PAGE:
An organ called the pancreas makes insulin. The role of insulin is to move glucose from the
bloodstream into muscle, fat, and liver cells, where it can be stored or used as fuel.
People with diabetes have high blood sugar because their body cannot move sugar from the blood
into muscle and fat cells to be burned or stored for energy, and because their liver makes too much
glucose and releases it into the blood. This is because either:
Their pancreas does not make enough insulin
Their cells do not respond to insulin normally
Both of the above
There are 2 major types of diabetes. The causes and risk factors are different for each type:
Type 1 diabetes can occur at any age, but it is most often diagnosed in children, teens, or
young adults. In this disease, the body makes little or no insulin. This is because the pancreas
cells that make insulin stop working. Daily injections of insulin are needed. The exact cause
is unknown.
Type 2 diabetes is much more common. It most often occurs in adulthood, but because of
high obesity rates, children and teens are now being diagnosed with this disease. Some people
with type 2 diabetes do not know they have it. With type 2 diabetes, the body is resistant to
insulin and doesn't use insulin as well as it should.
There are other causes of diabetes, and some people cannot be classified as type 1 or type 2.
Gestational diabetes is high blood sugar that develops at any time during pregnancy in a woman who
does not have diabetes.

If your parent, brother, or sister has diabetes, you may be more likely to develop the disease.

A high blood sugar level can cause several symptoms, including:

Blurry vision
Excess thirst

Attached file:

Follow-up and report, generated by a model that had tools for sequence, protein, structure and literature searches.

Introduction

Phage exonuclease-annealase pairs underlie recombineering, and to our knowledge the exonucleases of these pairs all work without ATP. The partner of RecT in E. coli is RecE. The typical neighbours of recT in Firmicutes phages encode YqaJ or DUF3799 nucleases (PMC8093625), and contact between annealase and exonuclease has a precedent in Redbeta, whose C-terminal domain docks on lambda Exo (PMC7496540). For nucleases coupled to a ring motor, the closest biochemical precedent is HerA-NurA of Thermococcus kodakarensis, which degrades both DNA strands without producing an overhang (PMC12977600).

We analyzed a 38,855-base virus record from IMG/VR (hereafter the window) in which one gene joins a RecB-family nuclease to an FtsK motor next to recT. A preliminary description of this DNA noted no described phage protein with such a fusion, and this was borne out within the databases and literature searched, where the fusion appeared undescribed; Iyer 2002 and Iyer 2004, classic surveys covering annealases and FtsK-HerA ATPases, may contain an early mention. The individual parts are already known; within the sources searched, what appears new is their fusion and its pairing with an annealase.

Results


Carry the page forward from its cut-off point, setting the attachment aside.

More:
Frequent urination
Weight loss

Because type 2 diabetes develops slowly, some people with high blood sugar have no symptoms.
Symptoms of type 1 diabetes develop over a short period. People may be very sick by the time they
are diagnosed.
After many years, diabetes can lead to other serious problems. These problems are known as diabetes
complications, and include:
Eye problems, including trouble seeing (especially at night), light sensitivity, and blindness
Sores and infections of the leg or foot, which if untreated, can lead to amputation of the leg or
Damage to nerves in the body, causing pain, tingling, a loss of feeling, problems digesting
food, and erectile dysfunction
Kidney problems, which can lead to kidney failure
Weakened immune system, which can lead to more frequent infections
Increased chance of having a heart attack or stroke

Type 2 diabetes may be reversed with lifestyle changes, especially losing weight with exercise and
by eating healthier foods. Some cases of type 2 diabetes can also be improved with weight-loss
There is no cure for type 1 diabetes.

Treating either type 1 diabetes or type 2 diabetes involves medicines, diet, and exercise to control
blood sugar level.
Everyone with diabetes should receive proper education and support about the best ways to manage
their diabetes. Ask your provider about seeing a diabetes nurse educator.
Getting better control over your blood sugar, cholesterol, and blood pressure levels helps reduce the
risk of kidney disease, eye disease, nervous system disease, heart attack, and stroke.
To prevent diabetes complications, visit your provider at least 2 to 4 times a year. Talk about any
problems you are having. Follow your provider's instructions on managing your diabetes.


Microcephaly is a condition in
which a person's head size is much smaller than that of others of the same age and sex. Head size is
measured as the distance around the top of the head. A smaller than normal size is determined using
standardized charts.

Microcephaly most often occurs because the brain does not grow at a normal rate. The growth of the
skull is determined by brain growth. Brain growth takes place while a baby is in the womb and
during infancy.
Conditions that affect brain growth can cause smaller than normal head size. These include